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dir Hans-Christian Schmid
scr Bernd Lange, Hans-Christian Schmid
prd Britta Knöller, Hans-Christian Schmid
with Kerry Fox, Anamaria Marinca, Stephen Dillane, Rolf Lassgård, Alexander Fehling, Tarik Filipovic, Kresimir Mikic, Steven Scharf, Joel Eisenblätter, Alexis Zegerman, Jesper Christensen, Reinout Bussemaker
release Ger 10.Sep.09
Telling the truth: Marinca and Fox
|R E V I E W B Y R I C H C L I N E|
An intriguing legal thriller, this tense Euro-drama takes a female perspective as it examines a horrific situation. It's a bit talky and office-bound, but is full of relevance as it looks at the thorny issue of justice in a politically charged situation.
Hannah (Fox) is a prosecutor in the International Criminal Tribunal in The Hague, trying a Serbian for war crimes. But when her star witness (Mikic) lies to her, she's forced to rethink the case and turns to the witness' sister Mira (Marinca), who's actually the one with first-hand knowledge of the terrible events. The problem is that, even with solid testimony, the political situation in Europe is making it hard for Hannah to push for real justice. Not only are lives in danger, but it doesn't look like things are getting any better.
There's a real sense of outrage in this film, which provocatively takes on the global political system in which maintaining equilibrium and developing a career are both more important than the truth. Virtually everyone in this story, from lowly civil servants to high-powered judges and elected officials has personal judgement clouded by outside factors. And the first casualty is impartiality, not only allowing someone to get away with a brutal crime but refusing to protect the most vulnerable people.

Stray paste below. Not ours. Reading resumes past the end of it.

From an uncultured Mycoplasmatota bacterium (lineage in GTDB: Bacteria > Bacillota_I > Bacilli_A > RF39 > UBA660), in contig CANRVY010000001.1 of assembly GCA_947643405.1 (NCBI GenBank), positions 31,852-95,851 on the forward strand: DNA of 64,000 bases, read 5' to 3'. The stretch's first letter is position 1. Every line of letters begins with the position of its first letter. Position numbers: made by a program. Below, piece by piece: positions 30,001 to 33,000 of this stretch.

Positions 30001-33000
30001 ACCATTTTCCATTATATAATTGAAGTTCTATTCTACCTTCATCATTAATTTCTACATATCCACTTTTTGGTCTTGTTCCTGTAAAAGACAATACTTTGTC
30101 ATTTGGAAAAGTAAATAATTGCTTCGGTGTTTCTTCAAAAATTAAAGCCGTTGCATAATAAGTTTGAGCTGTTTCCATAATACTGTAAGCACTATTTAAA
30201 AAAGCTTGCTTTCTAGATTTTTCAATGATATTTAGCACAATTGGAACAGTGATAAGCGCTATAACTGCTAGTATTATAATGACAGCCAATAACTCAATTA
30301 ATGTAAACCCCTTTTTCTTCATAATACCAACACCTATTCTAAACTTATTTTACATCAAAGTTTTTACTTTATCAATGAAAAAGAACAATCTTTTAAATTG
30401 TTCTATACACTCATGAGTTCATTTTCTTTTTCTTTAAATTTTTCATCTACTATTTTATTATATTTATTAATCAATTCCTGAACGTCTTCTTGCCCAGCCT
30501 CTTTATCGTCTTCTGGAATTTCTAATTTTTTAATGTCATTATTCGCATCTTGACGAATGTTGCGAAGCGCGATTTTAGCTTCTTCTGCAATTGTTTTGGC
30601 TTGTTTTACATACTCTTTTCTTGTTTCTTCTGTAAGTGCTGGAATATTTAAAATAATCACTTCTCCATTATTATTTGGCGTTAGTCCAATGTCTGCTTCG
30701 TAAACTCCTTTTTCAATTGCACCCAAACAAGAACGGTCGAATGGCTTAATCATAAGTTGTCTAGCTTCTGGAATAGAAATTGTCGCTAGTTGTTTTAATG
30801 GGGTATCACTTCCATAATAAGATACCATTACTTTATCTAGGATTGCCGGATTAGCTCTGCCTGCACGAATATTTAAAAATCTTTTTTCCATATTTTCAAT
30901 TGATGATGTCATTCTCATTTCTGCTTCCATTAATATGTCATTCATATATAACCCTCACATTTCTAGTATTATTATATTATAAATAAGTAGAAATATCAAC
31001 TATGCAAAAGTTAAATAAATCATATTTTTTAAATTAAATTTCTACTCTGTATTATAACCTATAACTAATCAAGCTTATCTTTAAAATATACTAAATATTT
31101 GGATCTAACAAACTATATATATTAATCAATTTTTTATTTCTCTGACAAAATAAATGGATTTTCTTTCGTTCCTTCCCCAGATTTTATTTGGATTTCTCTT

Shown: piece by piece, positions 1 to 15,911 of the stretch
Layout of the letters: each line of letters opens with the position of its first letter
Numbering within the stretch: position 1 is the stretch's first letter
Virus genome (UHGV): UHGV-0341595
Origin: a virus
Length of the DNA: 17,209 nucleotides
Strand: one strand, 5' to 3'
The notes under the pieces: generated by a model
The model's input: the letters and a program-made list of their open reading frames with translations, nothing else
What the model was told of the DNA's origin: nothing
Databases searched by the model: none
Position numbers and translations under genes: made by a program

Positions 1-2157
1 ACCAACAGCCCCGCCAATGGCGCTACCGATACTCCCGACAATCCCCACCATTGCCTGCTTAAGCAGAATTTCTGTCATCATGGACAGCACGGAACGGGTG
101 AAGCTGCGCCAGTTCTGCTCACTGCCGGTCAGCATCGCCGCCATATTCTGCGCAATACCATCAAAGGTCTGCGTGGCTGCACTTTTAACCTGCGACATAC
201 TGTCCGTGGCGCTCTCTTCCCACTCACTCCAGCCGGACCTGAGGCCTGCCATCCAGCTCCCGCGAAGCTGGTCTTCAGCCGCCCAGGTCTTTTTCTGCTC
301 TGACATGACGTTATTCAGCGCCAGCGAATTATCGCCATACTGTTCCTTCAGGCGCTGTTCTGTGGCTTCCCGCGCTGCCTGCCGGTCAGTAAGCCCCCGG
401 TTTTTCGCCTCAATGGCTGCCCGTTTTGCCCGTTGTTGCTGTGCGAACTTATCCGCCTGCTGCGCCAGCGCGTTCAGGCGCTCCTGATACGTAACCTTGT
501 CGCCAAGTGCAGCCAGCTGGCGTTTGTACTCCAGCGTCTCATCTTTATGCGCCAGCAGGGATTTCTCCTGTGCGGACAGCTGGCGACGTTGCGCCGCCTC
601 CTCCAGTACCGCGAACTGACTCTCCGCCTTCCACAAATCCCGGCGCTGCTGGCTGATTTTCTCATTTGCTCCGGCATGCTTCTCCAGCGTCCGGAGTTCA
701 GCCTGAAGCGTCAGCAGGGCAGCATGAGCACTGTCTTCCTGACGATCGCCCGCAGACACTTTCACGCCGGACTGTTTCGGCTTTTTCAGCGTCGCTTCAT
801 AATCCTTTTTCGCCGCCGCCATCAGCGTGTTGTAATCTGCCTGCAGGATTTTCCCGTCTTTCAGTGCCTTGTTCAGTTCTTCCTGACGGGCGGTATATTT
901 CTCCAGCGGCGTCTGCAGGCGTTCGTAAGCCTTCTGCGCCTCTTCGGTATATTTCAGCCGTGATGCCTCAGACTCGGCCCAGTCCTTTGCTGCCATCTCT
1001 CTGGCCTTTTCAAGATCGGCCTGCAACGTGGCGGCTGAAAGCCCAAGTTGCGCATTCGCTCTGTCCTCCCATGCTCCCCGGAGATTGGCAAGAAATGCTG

Yes, this is strong stuff, so it helps that the film is told through Hannah's focussed perspective. This gives a human face to the events and the wider issues and forces us to grapple with the situation along with her. Fox plays the role with spiky conviction and welling emotional undercurrents. The death threats and conspiracies she encounters take on a deeply personal tone, and her interaction with Marinca is sharply involving.
Essentially the film is an overheated legal procedural, as Hannah navigates a torturous route to truthfulness, even if it means bending a few rules while everyone around her is breaking them. It's an odd approach for a filmmaker to take, as it becomes more of a melodrama than a thriller. And the film's criticism of the European Union and its legal system is extremely harsh. Yet since it's not without a glimmer of hope, it feels like a passionate call to action before it's too late.
|R E A D E R R E V I E W S|
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© 2009 by Rich Cline, Shadows on the Wall|
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